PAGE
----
Back in April, Dutch indie studio Vlambeer was embroiled in a controversy over the use of Nazi-style imagery in its 2D dogfighting game Luftrausers. Rami Ismail (the business half of Vlambeer, and a fellow developer whose company and conversation I quite enjoy) took to the Vlambeer blog to defuse the situation. He offered an apology and an explanation of what they’d intended when creating the game. Near the beginning of his post, Ismail wrote the following:
The fact is that no interpretation of a game is ‘wrong’. When you create something, you leave certain implications of what you’re making.
But even more so in an interactive medium, we do have to accept that no way of reading those implications is ‘false’ – that if someone reads between the lines where we weren’t writing, those voids can be filled by the player, or someone else. If we accept there’s no wrong interpretation of a work, we also have to accept that some of those interpretations could not be along the lines of what we’re trying to create.
Luckily, we do not need to accept there is “no wrong interpretation of a work.” I am not at all interested in weighing in on the Luftrausers controversy itself, but I do wish to address the general notion that Ismail raised, this idea that “no interpretation of a game is ‘wrong’.” While I have nothing but love for Rami, I believe this theory is ill-considered and potentially quite destructive–I write now to assist developers and games journalists in seeing that fact as clearly as I do.
We live in a unique time for art criticism. The ability to publicly weigh in on the interpretation of creative works was once subject to gatekeepers, the conversation primarily confined to university lecture halls, printed magazines, and peer-reviewed journals. But no longer. As with seemingly every aspect of the creative world, the widespread availability of free technology–social media and blogging platforms in particular–has democratized the act of publicly interpreting art. Everyone with an opinion can now publish that opinion for the world to see within mere seconds of formulating it; or, indeed, even before that opinion has been fully formed.
I do not wish to revert to a time where we had gatekeepers; I much prefer the open exchange of ideas, myself. But with the floodgates open, the ability to sift through the innumerable opinions of the internet and determine which among them are actually based upon a sound foundation is crucial.
Indeed, we should not take the notion of the democratization of criticism too literally here. The interpretation of artistic works is not a democratic process–it is not majoritarian, and just as importantly, it does not proceed on the principle of “one person, one vote.” Interpretations vary in their value because they are descriptive in nature. Where a prescriptive process (like voting) attempts to create the object of one’s desire, a descriptive process only attempts to explain what is already there. As a descriptive process, interpretation seeks to piece together a coherent narrative about what the work is actually saying based upon its component parts. Those interpretations which both (1) account for all of the relevant component parts and (2) result in a coherent narrative are valid; those which fail in either task are not. An opinion is not automatically correct merely because someone has expended the 0.25 calories worth of energy it takes to type out 140 characters and click “Tweet.”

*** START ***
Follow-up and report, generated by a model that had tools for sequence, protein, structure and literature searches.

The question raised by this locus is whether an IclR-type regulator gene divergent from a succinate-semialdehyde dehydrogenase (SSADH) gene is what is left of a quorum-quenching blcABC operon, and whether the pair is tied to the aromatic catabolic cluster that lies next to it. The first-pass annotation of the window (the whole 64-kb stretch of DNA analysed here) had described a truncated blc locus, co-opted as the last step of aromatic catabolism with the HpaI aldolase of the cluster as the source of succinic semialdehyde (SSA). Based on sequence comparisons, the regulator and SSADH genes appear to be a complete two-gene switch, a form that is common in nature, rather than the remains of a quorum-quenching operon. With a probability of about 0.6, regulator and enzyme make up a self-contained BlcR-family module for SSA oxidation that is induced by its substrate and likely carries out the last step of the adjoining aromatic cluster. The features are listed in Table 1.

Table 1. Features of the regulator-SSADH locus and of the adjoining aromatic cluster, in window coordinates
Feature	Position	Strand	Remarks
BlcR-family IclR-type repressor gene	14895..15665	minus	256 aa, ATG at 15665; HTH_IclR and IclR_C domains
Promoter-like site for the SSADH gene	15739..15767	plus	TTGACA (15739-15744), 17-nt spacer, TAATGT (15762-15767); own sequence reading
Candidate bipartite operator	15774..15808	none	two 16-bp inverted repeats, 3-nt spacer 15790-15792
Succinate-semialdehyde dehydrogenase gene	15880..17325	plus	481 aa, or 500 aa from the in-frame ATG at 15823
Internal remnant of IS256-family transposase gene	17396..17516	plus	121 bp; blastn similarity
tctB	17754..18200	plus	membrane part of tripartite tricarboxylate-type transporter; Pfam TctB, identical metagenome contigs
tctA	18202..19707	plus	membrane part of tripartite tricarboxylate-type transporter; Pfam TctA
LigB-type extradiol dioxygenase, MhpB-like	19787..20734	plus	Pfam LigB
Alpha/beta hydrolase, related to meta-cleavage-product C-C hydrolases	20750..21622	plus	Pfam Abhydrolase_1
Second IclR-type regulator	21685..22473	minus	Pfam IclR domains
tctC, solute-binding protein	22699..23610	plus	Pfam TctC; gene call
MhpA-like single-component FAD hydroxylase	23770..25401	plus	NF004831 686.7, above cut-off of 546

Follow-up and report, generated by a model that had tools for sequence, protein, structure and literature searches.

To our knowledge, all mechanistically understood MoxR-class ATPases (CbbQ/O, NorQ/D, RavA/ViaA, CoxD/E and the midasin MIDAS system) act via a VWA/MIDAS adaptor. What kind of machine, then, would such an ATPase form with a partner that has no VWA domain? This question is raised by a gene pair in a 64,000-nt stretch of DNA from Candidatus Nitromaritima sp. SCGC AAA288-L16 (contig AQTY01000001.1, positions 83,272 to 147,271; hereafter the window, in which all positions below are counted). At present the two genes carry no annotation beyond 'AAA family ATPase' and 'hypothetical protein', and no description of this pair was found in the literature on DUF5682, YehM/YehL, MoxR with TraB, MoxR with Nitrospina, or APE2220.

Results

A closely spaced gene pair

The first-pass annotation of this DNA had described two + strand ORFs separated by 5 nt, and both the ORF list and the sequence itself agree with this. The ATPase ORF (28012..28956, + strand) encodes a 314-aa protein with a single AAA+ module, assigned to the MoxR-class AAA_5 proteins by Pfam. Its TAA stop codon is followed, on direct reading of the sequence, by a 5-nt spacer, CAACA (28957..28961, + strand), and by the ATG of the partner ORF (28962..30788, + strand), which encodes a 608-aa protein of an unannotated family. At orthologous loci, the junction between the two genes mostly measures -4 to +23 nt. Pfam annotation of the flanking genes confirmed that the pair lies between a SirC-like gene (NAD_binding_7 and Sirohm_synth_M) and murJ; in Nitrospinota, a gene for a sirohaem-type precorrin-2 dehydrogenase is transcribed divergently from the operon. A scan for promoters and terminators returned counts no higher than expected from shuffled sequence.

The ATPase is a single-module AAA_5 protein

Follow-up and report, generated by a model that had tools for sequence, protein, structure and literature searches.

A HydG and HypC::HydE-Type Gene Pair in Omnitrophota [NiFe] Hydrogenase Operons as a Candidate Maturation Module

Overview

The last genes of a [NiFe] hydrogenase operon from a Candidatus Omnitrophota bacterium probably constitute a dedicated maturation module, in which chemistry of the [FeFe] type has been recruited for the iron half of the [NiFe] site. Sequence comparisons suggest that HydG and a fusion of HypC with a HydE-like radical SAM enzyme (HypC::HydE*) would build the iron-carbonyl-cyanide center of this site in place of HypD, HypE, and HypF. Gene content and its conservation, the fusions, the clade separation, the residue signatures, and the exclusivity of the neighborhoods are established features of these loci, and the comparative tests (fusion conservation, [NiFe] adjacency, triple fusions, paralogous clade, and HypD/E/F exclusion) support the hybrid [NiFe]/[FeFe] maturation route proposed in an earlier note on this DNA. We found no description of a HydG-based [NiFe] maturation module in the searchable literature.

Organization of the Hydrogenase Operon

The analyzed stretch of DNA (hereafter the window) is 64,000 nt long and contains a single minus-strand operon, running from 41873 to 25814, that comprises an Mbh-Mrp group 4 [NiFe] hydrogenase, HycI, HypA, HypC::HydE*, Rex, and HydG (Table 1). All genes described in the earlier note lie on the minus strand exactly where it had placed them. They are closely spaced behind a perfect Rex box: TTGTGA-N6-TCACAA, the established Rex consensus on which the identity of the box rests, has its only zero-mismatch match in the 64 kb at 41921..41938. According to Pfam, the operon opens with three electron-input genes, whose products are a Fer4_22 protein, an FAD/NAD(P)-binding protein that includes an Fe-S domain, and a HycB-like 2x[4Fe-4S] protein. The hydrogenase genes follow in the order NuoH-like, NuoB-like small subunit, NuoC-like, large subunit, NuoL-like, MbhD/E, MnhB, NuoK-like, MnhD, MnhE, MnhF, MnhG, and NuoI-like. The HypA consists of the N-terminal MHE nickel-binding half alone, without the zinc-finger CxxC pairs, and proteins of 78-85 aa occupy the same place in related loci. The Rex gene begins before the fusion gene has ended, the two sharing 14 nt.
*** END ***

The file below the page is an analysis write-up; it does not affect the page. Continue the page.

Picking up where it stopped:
An interpretation of a work must arise from study of the work itself, and not merely from personal predilections. Games are not like electrons; they do not exist in quantum superposition, inhabiting every possible state until a player observes them and thereby reduces them to a single configuration. Games are finite. They have contours: defined aesthetics, narrative, characters, words, boundaries to the play space. Any interpretation which fails to accurately account for these elements of the game will necessarily fail to divine the meaning or meanings that arise from the interaction of those elements.
If the creator of an artistic work leaves gaps in the work for the player to fill in, then yes, the creator will have to expect that players will fill in those gaps themselves–but this does not change our conclusion. The player’s interpretation must still be consistent with those elements for which the game does not leave gaps. Otherwise, the interpretation will be built upon false premises–which is to say, it will be wrong.
When Leigh Alexander promotes the “no wrong interpretation” theory as an “important idea,” I wonder: would she be so approving of a parallel attitude to video games articles? Would she be okay with the principle, “No interpretation of a written piece about video games is ‘wrong'”? I do not doubt that there are any number of internet comments in which misogynistic trolls have grotesquely misconstrued Ms. Alexander’s articles–surely we would not hesitate to declare those ill-conceived interpretations “wrong.” Why, then, it should be any different for video games?